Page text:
In theory, at least, Google Glass could be the most futuristic Walkman ever—and that's apparently on Google's mind, given that its hybrid streaming/radio service, Google Play Music, will shortly be joining the still-quite-slim lineup of official Glass apps.See also: Google Glass Music Sounds Great, But It's Impossible (For Now)
The idea is certainly cool. In a hypothetical future world in which we all wear Glass and no one hates us for it, we might as well be listening to music on Google’s visor-like accessory. It’s capable of it, after all, and why not roll all of the wearables into one?
I was initially skeptical about how a music app would fare on the current Glass hardware, so naturally I wanted to put it to the test. Here's what I learned.
(First, though, two notes. I'm still in the process of swapping my first version of Glass for Explorers for the almost imperceptibly tweaked second version, so that’s what I had to work with. My version of Glass relies on the bone conduction speaker built into the right-side casing for audio. The sensation, which I’d only experienced in phone calls, is that the noise feels almost like it’s inside of your head, rather than entering your ear like a normal pair of headphones or a speaker on a smartphone.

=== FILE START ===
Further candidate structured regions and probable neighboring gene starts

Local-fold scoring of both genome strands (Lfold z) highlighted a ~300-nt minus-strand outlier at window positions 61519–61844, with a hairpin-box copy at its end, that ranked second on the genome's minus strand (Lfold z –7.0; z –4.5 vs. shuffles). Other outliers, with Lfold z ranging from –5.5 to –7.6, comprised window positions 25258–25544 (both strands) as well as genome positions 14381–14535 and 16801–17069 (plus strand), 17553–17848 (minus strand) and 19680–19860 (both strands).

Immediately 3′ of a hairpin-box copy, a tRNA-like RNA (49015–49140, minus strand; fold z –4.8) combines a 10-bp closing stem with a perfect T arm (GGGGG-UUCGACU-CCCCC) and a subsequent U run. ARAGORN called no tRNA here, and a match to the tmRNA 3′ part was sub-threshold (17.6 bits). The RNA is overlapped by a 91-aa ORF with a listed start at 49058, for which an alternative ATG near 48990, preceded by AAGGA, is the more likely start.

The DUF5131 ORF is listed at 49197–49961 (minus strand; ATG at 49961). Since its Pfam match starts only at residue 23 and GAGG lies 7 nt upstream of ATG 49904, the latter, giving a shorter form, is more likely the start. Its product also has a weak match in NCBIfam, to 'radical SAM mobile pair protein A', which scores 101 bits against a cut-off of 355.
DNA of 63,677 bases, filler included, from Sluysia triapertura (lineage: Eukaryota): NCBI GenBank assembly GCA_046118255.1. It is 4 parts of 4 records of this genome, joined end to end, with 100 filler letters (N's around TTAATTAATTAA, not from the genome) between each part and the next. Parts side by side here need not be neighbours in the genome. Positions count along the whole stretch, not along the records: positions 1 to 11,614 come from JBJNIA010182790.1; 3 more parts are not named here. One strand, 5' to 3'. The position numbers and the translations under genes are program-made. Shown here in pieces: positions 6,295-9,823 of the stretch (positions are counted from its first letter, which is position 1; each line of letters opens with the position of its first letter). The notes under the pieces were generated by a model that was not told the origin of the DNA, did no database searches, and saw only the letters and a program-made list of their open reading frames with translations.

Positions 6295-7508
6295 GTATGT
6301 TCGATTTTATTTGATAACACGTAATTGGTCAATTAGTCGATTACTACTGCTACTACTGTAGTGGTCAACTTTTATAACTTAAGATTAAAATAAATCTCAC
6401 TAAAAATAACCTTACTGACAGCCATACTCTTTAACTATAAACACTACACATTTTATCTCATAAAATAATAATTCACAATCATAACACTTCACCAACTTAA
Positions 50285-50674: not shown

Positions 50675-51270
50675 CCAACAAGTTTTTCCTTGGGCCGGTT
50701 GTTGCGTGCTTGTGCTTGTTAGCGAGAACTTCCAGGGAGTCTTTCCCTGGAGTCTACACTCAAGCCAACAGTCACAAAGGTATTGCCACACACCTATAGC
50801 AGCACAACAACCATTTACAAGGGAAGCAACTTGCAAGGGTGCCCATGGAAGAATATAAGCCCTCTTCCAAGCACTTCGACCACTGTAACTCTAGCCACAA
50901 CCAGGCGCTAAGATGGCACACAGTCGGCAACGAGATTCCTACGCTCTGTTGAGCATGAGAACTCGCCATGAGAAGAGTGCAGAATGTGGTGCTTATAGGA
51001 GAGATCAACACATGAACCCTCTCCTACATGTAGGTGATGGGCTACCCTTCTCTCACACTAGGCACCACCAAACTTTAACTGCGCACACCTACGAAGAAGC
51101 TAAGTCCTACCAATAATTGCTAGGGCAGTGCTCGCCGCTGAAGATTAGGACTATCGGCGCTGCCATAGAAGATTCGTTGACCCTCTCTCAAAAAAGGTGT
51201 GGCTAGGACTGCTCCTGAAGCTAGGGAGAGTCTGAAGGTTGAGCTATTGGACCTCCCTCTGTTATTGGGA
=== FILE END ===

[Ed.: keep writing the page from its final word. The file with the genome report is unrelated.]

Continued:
Also, for the purposes of testing I was tethering Glass to a Nexus 4 that was connected to the Internet over Wi-Fi.)What’s It Like?
Like most Glass software, the Google Play Music app puts voice commands front and center. With the music app installed, Glass gets a whole new “OK Glass” command: “Listen to.” When prompted with the “listen to” command, Glass starts scouring Google Play Music (via Google’s cloud music service) to play anything from Bob Dylan to Cat Power.
If you have a subscription to Google’s premium “All Access” service, you can search Google’s whole sonic catalogue right from Glass. Out of five rounds of telling Glass to “listen to” something, it got three right. The other two stalled out, with Glass delivering me an error that it had lost the connection.
In the best example, Glass recognized my request for “Tegan and Sara” almost instantly, and a small image of the duo popped up on my screen in seconds. Tapping on that image played a Tegan and Sara song from my Google Play collection. Tapping again pulls up a contextual menu for pausing, skipping or going back through tracks, and an option to trigger a radio station based off of the current song.